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Year : 2007  |  Volume : 55  |  Issue : 4  |  Page : 424-425

Ganglion: An uncommon cause of compressive peroneal neuropathy

1 Department of Neurosurgery, KS Hegde Medical Academy, Mangalore, India
2 Department of Surgery, KS Hegde Medical Academy, Mangalore, India
3 Department of Pathology, KS Hegde Medical Academy, Mangalore, India
4 Department of Radiology, KS Hegde Medical Academy, Mangalore, India

Date of Acceptance10-Apr-2007

Correspondence Address:
Amit Agrawal
Department of Neurosurgery, KS Hegde Medical Academy, Mangalore
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Source of Support: None, Conflict of Interest: None

DOI: 10.4103/0028-3886.37107

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How to cite this article:
Agrawal A, Shetty B K, Makannavar J H, Shetty L, Shetty RK. Ganglion: An uncommon cause of compressive peroneal neuropathy. Neurol India 2007;55:424-5

How to cite this URL:
Agrawal A, Shetty B K, Makannavar J H, Shetty L, Shetty RK. Ganglion: An uncommon cause of compressive peroneal neuropathy. Neurol India [serial online] 2007 [cited 2023 Sep 28];55:424-5. Available from:


Peroneal nerve injury usually results from fracture of the fibula neck or direct pressure from an ill-fitting plaster cast. [1] Ganglionic cysts developing in the sheath of the peroneal nerve or joint capsule around the knee is a rare cause of compressive peroneal neuropathy. [1],[2],[3] We report a rare case of compression of peroneal nerve by ganglion and discuss the clinical and radiological features. A 40-year-old female presented with slowly progressive swelling in the upper lateral aspect of the left leg since one year. It was associated with progressive weakness of the left great toe with loss of sensation over it. There was no history of trauma or any other swellings. Her general and systemic examination was unremarkable. Neurologically she had weakness of left EHL (Extensor hallucis longus) of Grade 3/5 with loss of sensation in S1 dermatome. Local examination revealed a 10X3cm in size, ill-defined, firm, non-tender, non-pulsatile, immobile swelling on the lateral aspect of the upper part of the left leg [Figure - 1]. The skin over it was free and healthy. Blood investigations were normal. The MRI of the left leg and knee showed hypointense lesion on T1W images, extending from the proximal tibiofibular joint region and displacing the muscles medially. The lesion was becoming hyperintense on T2W and remaining hyperintense on fat suppression images [Figure - 2]. During surgery the peroneal nerve was stretched over the swelling but could be defined normally both proximally and distally. Nerve fibers were separated from the capsule and lesion could be excised totally. It had a thin-walled capsule containing yellowish jelly-like material inside [Figure - 3]. Histopathology showed thin fibrous capsule and there were no foci of inflammation. Following surgical excision of the ganglion, there was significant symptomatic improvement as the pain was completely relieved and three months after surgery the motor weakness of EHL improved to Grade 4+/5. Clinically, patients with compressive peroneal neuropathy due to ganglion usually present with gradual onset of pain, paresthesia suggestive of nerve root compression, focal weakness (a syndrome mimicking central nerve root compression) and if the lesion is large enough a mass can be palpated. [4] Though ultrasonography and CT scan will show the cystic nature of the lesion MRI will provide better delineation and extent of the lesion. [2],[4],[5],[6] An MRI will help to define the extra-articular soft tissue location of the cyst and also to differentiate ganglion cysts from other cystic lesions in and around the knee. [2],[5],[6] The differential diagnoses of these lesions involve L5 root pathology, a posttraumatic intraneural hemorrhage, a nerve compression near the tendinous arch located at the fibular insertion of the peroneal longus muscle and a nerve-sheath tumor. [2] Microsurgical exploration and excision remains the traditional surgical treatment. [2],[3],[7] However, it should be kept in mind that despite surgical treatment the neurological symptoms may not recover. [7] Our patient significantly improved after surgery as her pain was completely relieved and there was significant improvement in the motor power. Regular follow-up is necessary as these cysts can recur after simple excision. Repeat resection after a recurrence is often not effective and arthrodesis of proximal tibiofibular joint is a more effective surgical option after a recurrence. [3] Chances of recurrence can be reduced by ligation or electrocoagulation of the pedicle stalk and/ or recurrent articular branch of the peroneal nerve at the time of surgery. The present case signifies the importance of MRI in these patients and also that decompression of nerve will result in functional recovery.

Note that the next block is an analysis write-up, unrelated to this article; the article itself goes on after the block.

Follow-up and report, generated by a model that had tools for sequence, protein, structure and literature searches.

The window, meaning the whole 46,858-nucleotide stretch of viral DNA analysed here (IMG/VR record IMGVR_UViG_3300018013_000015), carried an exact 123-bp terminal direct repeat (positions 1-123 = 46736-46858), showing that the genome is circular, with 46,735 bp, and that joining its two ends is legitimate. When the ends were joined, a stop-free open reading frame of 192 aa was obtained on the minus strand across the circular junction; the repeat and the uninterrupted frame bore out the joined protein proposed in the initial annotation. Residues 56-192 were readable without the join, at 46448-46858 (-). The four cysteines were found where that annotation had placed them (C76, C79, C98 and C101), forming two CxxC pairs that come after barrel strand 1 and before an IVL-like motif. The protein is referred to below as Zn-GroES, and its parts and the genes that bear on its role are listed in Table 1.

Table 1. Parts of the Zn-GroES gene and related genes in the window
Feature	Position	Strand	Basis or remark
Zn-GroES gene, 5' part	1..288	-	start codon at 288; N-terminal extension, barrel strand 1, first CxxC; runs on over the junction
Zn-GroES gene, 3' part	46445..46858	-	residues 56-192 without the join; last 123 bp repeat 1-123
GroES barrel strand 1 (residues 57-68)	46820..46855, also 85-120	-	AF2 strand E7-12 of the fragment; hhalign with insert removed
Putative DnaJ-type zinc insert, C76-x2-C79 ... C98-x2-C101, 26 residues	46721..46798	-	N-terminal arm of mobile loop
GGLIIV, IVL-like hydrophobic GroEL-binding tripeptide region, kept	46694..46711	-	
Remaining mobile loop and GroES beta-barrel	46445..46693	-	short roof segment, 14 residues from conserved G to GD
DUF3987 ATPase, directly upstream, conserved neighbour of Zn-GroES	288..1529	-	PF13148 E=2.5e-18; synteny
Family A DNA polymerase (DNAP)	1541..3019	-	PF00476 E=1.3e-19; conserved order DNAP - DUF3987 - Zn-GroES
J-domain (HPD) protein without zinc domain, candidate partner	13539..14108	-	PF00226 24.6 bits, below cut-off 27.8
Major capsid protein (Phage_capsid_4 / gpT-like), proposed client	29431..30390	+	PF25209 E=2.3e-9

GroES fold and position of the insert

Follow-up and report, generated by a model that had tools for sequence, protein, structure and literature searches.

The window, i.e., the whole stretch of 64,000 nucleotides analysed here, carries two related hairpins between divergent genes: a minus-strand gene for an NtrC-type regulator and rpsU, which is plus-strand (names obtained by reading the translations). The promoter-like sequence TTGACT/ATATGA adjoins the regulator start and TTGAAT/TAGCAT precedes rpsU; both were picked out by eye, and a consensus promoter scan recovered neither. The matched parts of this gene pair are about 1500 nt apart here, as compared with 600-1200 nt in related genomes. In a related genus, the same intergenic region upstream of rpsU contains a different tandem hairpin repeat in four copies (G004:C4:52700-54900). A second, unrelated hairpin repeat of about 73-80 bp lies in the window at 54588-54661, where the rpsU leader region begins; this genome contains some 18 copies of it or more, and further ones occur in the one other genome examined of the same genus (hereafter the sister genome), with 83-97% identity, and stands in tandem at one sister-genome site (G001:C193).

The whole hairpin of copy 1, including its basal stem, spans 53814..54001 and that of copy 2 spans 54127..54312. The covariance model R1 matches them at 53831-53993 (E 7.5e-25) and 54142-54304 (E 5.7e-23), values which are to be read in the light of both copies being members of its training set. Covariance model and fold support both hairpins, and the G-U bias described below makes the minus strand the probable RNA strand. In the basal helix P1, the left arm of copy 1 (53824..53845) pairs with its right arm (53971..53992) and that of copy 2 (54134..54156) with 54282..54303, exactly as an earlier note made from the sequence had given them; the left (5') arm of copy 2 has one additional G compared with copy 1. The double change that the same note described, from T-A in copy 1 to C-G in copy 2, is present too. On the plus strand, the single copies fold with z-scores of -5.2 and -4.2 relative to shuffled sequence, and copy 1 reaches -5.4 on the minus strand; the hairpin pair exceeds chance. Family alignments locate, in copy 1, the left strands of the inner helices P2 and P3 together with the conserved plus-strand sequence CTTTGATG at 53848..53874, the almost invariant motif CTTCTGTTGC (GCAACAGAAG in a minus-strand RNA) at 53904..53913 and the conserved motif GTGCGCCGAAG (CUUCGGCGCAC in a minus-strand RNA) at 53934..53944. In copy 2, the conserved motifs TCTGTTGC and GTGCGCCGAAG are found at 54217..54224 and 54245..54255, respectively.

» References Top

1.Kabukcuoglu Y, Kabukcuoglu F, Kuzgun U, Ozturk I. Compression neuropathy of the peroneal nerve caused by a ganglion. Am J Orthop 1997;26:700-2.  Back to cited text no. 1    
2.Rawal A, Ratnam KR, Yin Q, Sinopidis C, Frostick SP. Compression neuropathy of common peroneal nerve caused by an extraneural ganglion: A report of two cases. Microsurgery 2004;24:63-6.  Back to cited text no. 2  [PUBMED]  [FULLTEXT]
3.Stack RE, Bianco AJ Jr, MacCarty CS. Compression of the common peroneal nerve by ganglion cysts: report of nine cases. J Bone Joint Surg Am 1965;47:773-8.  Back to cited text no. 3  [PUBMED]  
4.Firooznia H, Golimbu C, Rafii M, Chapnick J. Computerized tomography in diagnosis of compression of the common peroneal nerve by ganglion cysts. Comput Radiol 1983;7:343-5.  Back to cited text no. 4  [PUBMED]  
5.Kim JY, Jung SA, Sung MS, Park YH, Kang YK. Extra-articular soft tissue ganglion cyst around the knee: Focus on the associated findings. Eur Radiol 2004;14:106-11.  Back to cited text no. 5  [PUBMED]  [FULLTEXT]
6.McCarthy CL, McNally EG. The MRI appearance of cystic lesions around the knee. Skeletal Radiol 2004;33:187-209.  Back to cited text no. 6  [PUBMED]  [FULLTEXT]
7.Hersekli MA, Akpinar S, Demirors H, Ozkoc G, Ozalay M, Cesur N, et al . Synovial cysts of proximal tibiofibular joint causing peroneal nerve palsy: Report of three cases and review of the literature. Arch Orthop Trauma Surg 2004;124:711-4.  Back to cited text no. 7  [PUBMED]  [FULLTEXT]


  [Figure - 1], [Figure - 2], [Figure - 3]